Quote of the Week

Posted: June 1, 2017 in Quotes
Tags: , ,

“Life calls the tune, we dance.” – John Galsworthy

Fun With Words

Posted: May 25, 2017 in Fun with words

How does Moses make tea? Hebrews it.
A cartoonist was found dead in his home. Details are sketchy.
I used to be a banker, but then I lost interest.
Haunted French pancakes give me the crêpes.
England has no kidney bank, but it does have a Liverpool.
I tried to catch some fog, but I mist.

After yesterday’s horrendous act of violence in Great Britain, I’m sure many people want vengeance. This morning I came across a quote from Pope Francis. He said it during his Angelus Address on Feb 19. It reflects on Jesus’ teaching about turning the other cheek and how the law of love overcomes that of retaliation; it describes the difference between justice and vengeance:

“We are allowed to ask for justice; it is our duty to practice justice. On the other hand, we are forbidden to revenge ourselves or to encourage vengeance in any way, insofar as it is an expression of hatred or of violence.”

What a difference the location of a little “:” can make

THE ART OF TASTING PARKING:”

The subject header of the e-mail had it correctly placed “The Art of Tasting: Parking at lot 4A”

but I got a chuckle out of the rewrite in the body ( Are VWs sweeter than Subarus?)

 

When reality collides with fiction

 

This quote was uttered by a fictional character on the ABC TV series Quantico, May 1st episode:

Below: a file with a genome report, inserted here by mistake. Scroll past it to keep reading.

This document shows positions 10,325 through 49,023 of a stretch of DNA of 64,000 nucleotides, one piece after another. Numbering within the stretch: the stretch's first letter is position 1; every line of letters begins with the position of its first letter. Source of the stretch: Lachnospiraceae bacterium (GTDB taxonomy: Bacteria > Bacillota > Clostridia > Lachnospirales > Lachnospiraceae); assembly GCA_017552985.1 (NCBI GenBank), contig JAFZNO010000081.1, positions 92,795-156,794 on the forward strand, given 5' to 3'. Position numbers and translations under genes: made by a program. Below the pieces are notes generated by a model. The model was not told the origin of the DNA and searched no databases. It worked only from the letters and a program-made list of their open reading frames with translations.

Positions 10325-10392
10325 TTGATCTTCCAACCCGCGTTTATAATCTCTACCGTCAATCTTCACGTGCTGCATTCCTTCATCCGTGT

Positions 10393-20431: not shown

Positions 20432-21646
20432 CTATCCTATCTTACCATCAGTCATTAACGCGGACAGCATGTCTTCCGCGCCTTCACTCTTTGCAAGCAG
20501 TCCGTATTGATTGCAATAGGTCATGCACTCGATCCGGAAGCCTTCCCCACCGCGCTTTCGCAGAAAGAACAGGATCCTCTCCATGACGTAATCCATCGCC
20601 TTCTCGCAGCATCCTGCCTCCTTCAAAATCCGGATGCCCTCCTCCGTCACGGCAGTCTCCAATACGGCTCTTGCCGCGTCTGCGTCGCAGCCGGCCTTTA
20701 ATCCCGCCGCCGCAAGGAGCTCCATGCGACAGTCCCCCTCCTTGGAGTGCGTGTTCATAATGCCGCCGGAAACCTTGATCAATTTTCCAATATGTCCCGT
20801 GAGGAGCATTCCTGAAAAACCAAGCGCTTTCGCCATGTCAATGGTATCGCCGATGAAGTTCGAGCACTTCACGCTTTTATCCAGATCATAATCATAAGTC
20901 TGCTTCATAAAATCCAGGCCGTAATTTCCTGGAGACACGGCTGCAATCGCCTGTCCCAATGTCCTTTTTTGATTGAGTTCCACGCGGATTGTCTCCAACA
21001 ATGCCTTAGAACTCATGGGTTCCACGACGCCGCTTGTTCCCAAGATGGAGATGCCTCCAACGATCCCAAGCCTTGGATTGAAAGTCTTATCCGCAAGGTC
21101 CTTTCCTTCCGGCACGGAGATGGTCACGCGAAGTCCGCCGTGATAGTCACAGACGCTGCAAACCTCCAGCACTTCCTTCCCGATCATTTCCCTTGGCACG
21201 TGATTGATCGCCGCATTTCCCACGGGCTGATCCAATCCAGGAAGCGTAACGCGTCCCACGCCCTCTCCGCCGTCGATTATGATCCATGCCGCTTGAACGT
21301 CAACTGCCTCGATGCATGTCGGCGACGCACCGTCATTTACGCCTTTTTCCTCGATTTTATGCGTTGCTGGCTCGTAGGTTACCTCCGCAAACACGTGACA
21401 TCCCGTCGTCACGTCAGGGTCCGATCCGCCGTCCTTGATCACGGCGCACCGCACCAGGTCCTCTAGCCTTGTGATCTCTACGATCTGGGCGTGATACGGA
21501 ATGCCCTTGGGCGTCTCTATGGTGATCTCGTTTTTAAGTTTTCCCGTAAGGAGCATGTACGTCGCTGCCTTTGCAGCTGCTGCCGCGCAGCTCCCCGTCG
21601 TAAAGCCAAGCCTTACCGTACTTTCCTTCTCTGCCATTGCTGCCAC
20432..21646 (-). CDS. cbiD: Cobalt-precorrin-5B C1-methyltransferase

“It’s a post truth world. Nobody wants a boring fact. They want a good story and

the better the story the more faith they have in the person who tells it.” – Henry Roarke, Speaker of the House

 

On the colorful use of language:

“Modern poultry has done wonders in making it possible to grow a fine-looking chicken in record time and sell it at

a most reasonable price, but rarely does anyone in the country discuss flavor. If you are interested in price alone, you will often end up

with something that tastes like the stuffing inside a teddy bear.” – Julia Child in her Mastering the Art of French Cooking

Thanks to president Trump, the phrase “Fake News” has become part of our everyday vocabulary. Is it something new? Is it something pseudo journalists have cooked up, a current conspiracy, to dupe the public? Are we more gullible now than we were in previous times? Strangely, no. The idea of fake news has been around for centuries.

138 years ago one Canadian priest by the name of Fr. Charles Chiniquay, tried his best to promote an outrageous fake news story. He had been a friend of President Abraham Lincoln, who when he was a lawyer, had successfully defended him in a liable suit in Chicago Illinois. In 1858 Fr. Chiniquay left the Catholic Church and joined the Presbyterian Church. After Lincoln was assassinated, he believed and stated that Jesuit priests and the Vatican were the masterminds behind Lincoln’s assassination. Of course facts in stories in credible newspapers debunked this but I’m sure this “plot” appeared true to anyone who had a dislike for Catholicism!

That story has mostly been buried by the passage of time. But just think about the more “recent” assassination of JFK. All the “fake” facts that still float around, all the fake plots that were behind Lee Harvey Oswald’s motivations, live on decades later.

And for how many decades have we had the National Inquirer and newspapers of that ilk, print fake news too outrageous for a sane person to believe? Yet people do think those stories are true. So fake news has been around ever since humankind could talk, ever since the vice of gossip reared its ugly head. It’s just that “Fake News” is a more catchy name for it! I think CBS News This Morning has a great tagline for its show: “More Real News”…as if anyone can tell the difference at 5 am in the morning!